CriticaLink | Freud: On Narcissism | Overview

Although the title suggests that Freud's 1914 essay is an introduction to the concept of narcissism, the argument it is directed for the most part to an audience of specialists and presupposes some familiarity with psychoanalytic theory. Once you get a handle on some of the basic concepts such as ego, libido and cathexis, a careful reading of "On Narcissism" will give you many insights into the development of what we now call "Freudian" psychoanalysis. Not all of the key concepts of classical Freudianism are in place in this essay; there is no mention of the "id," for example, but we can glimpse the beginning of a theory of the superego in Freud's discussion of the functions of the ego ideal.

"On Narcissism" is a pivotal essay in the history of Freudian psychoanalysis. It is situated between the groundbreaking early work, the most famous of which is The Interpretation of Dreams of 1900, and later works which elaborate the now-familiar components of Freudian theory (the tripartite structure of id, ego, and superego and the Oedipus complex, for example). These later texts include "The Unconscious" (written a year later, in 1915), Beyond the Pleasure Principle, The Ego and the Id (1923), Civilization and its Discontents (1927), and "An Outline of Psycho-Analysis" (1938). "On Narcissism" does, however, include a brief discussion of the castration complex and the ways it is manifested in boys and girls.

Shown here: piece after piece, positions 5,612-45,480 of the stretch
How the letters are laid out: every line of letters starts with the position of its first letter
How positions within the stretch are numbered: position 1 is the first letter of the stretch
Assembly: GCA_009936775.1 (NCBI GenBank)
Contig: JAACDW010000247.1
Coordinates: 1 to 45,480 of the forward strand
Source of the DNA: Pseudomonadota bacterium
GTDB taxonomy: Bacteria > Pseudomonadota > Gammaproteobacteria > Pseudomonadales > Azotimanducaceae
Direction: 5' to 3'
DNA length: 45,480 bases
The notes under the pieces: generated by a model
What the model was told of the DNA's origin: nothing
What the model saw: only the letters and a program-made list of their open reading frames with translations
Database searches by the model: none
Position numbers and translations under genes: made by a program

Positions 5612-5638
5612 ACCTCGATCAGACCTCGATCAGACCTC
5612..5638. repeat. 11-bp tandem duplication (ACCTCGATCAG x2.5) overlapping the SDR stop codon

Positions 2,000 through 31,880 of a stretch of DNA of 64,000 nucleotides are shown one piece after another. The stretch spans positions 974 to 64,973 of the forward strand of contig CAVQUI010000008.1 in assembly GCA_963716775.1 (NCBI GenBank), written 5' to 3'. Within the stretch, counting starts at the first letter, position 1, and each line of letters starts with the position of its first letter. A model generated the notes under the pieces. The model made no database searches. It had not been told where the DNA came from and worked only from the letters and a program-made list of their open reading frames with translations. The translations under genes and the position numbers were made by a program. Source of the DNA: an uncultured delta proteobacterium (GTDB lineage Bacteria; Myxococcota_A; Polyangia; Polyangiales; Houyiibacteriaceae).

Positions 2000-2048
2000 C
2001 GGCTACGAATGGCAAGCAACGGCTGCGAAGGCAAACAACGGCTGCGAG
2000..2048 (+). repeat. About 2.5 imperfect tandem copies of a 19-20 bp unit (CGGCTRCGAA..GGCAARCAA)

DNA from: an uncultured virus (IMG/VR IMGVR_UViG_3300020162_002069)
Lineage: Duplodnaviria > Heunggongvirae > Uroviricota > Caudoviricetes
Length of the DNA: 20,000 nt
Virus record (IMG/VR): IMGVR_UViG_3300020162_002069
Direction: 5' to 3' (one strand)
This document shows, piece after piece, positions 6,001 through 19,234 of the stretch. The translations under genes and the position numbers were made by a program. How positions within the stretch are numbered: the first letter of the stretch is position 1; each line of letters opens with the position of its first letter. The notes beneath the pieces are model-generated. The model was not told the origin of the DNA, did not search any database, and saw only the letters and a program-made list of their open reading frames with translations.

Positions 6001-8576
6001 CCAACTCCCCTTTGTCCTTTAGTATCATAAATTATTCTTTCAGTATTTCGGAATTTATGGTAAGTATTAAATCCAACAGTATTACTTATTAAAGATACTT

Perhaps most striking (and possibly disturbing) to contemporary readers are the essay's treatments of gender relations and sexuality. Feminists, theorists of gender, and queer theorists have often turned to Freud both as a guide to the operations of the mind and as a thinker who deserves harsh criticism. The Resources section includes a selection of texts that engage Freud in their explorations of these issues.

Don't be put off by the many clinical references to mental illnesses. Check the glossary of Terms for brief explanations of these conditions. What is perhaps most important for your understanding of Freud's argument here are the contrasting ways libido functions in these various conditions.